Quiverfull and reproductive choice: it’s complicatedPosted: November 8, 2011
Just a warning that this post is on the rambling side. It’s unedited and, well, I’m kind of upset.
Michelle and Jim Bob Duggar announced today that they are expecting their 20th child. Naturally this has sparked all sorts of reactions from the internets, some of which are really problematic.
I’ll just get it out of the way that calling Michelle Duggar’s uterus a clown car is pretty misogynistic, calling her and her husband crazy is ableist, and saying they’re stupid is narrow-minded. There’s no need to denigrate Michelle Duggar’s body or reproductive capacity to critique Quiverfull teaching, people live with mental illness and don’t have 10 or 20 children, and plenty of intelligent people end up in high control communities like Quiverfull and Christian Patriarchy.
With that said: another response that comes up every time the Duggars announce they’re expecting another child, one that’s been bothering me all day, is the response from many that believing in reproductive choice means that we can’t possibly critique the Duggars’ continual expansion of their family.
I have a lot of reactions to this. Mostly it makes me feel like ranting. A lot.
Yes, people have a right to choose to have more children, regardless of the opinions of others on whether or not they’ve reproduced enough, regardless of how distasteful or wrong-headed others might find their personal beliefs or lifestyles. This is true.
But here’s the thing. The Duggars don’t believe in choice. I don’t mean only reproductive choice. Any kind of personal choice at all. There’s finding and following God’s will, or rejecting it. That’s it. This is true in terms of how they worship, how they court and marry, how they choose vocations, how they educate their children, in every aspect of their lives. And it’s true in how they approach reproduction, too.
As my friend Sae put it, “autonomy is not a factor in why [Michelle Duggar] is giving birth again.” This is rather clear in what Michelle Duggar herself has said about having more children, e.g.:
- “Many years ago, Jim Bob & I gave this area of our lives to God, allowing Him to grant life as He saw fit.” (their announcement today, via NLQ.)
- “God is the one who gives life…We would welcome another [child] if He saw fit, but we’ll wait and see.” (Last year.)
So when people talk about the need to respect Michelle Duggar’s reproductive choices I can’t help but feel they either don’t know much about what the Duggars believe, or they’ve decided to ignore it. Because what they’re doing is describing Michelle Duggar’s pregnancy in terms she would find morally abhorrent. She hasn’t made a choice to have a child, in her view. She’s been given a child by God. The only choice she claims is the choice to be happy with whatever God gives her and when. Reproductive choice is an utterly meaningless concept in this worldview.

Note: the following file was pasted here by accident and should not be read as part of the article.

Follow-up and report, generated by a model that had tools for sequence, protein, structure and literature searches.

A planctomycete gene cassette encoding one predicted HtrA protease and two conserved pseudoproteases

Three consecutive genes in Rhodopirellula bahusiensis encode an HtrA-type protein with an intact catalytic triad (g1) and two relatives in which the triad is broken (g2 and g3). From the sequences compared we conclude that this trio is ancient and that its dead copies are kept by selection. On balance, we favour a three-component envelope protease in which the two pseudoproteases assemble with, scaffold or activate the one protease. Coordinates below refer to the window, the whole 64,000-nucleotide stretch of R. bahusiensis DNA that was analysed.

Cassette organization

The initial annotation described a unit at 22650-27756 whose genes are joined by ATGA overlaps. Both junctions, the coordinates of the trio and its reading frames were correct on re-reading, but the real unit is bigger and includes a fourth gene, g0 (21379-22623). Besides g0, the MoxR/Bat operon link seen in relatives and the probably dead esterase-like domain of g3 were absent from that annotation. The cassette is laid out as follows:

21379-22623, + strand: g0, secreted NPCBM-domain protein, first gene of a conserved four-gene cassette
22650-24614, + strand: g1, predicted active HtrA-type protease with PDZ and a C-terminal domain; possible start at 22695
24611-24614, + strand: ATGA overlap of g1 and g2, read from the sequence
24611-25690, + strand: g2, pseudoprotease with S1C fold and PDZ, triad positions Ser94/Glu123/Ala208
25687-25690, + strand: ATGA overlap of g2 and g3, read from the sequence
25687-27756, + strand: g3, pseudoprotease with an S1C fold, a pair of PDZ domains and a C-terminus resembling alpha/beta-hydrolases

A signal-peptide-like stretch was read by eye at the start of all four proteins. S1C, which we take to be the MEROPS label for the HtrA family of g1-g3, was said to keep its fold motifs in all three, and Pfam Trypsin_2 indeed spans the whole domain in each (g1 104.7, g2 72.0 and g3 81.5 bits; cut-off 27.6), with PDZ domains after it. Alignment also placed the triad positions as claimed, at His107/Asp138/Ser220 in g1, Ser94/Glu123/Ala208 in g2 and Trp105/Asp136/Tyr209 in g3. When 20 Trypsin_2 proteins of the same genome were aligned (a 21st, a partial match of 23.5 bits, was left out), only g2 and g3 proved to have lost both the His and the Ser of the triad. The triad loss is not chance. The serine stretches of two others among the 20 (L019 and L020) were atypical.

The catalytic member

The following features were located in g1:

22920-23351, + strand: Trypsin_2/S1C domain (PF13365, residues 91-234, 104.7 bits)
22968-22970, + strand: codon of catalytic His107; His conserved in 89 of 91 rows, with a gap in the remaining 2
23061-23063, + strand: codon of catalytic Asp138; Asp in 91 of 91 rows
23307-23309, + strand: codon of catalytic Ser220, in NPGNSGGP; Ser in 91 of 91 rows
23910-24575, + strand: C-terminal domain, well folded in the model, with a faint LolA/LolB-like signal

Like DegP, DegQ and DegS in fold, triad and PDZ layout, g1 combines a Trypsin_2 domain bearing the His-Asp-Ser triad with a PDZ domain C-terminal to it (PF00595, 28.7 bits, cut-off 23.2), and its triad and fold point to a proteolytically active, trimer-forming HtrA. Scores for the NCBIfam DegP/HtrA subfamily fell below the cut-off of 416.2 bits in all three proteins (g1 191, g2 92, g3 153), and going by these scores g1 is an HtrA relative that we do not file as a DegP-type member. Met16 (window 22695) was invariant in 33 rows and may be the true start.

Another problem: even if Michelle Duggar did understand her pregnancies in terms of choice, that wouldn’t necessarily mean she’s exercising it.
Here’s a parallel: Many believers in Christian patriarchy hold to teachings that married women are not permitted to ever refuse their husbands sex. There’s even a segment of the movement that considers it a sin for a couple to not have sex when the wife is ovulating – i.e., sex during ovulation is religiously mandated. I doubt many feminists would claim that sex that a woman literally can’t turn down without sinning is fully consensual. So why would we claim that a pregnancy conceived in a context where women are outside of God’s will if they take any sort of action (including avoiding potentially procreative sex) to prevent or manage reproduction? If the sex that produces the pregnancy isn’t quite consensual, how can the pregnancy that results be entirely a choice? I’m puzzled by this.
It seems to me that part of the problem is that choice feminism is often too simplistic in its assumptions about people’s actions and the possibilities available to them. There’s often no recognition of the fact that people’s choices can be severely constrained by the circumstances around them. When people say they respect Michele Duggar’s choice they either don’t see or don’t recognize the ways in which her hands are tied by the culture she’s part of.
‘Cause here’s the other thing. Christian patriarchy is a high control culture. It’s a cult. And people in cults often claim, often quite sincerely, that they’re making free choices even as they repeatedly “choose” the same things everyone else in the group does. They often honestly believe that they really truly want and independently choose things that they really have no choice but to accept as members of a high control group.
Cults are real. Brainwashing is real. Mind control is real. People can be manipulated and controlled. People can think they’re making “free” choices and not really be doing so. I know. It happened to me. It’s happened to many, many people who ultimately leave high control groups and realize, in retrospect, that they were had.
I don’t know if this idea scares people, and that’s why they resist it, or if people just don’t believe it because they haven’t experienced it. But these things are real. It doesn’t mean people are stupid. It doesn’t mean people are incapable of making decisions. It just means that free will and personal autonomy get really complicated when you mix them up with bullying, manipulation, and spiritual abuse.
More thoughts on this coming.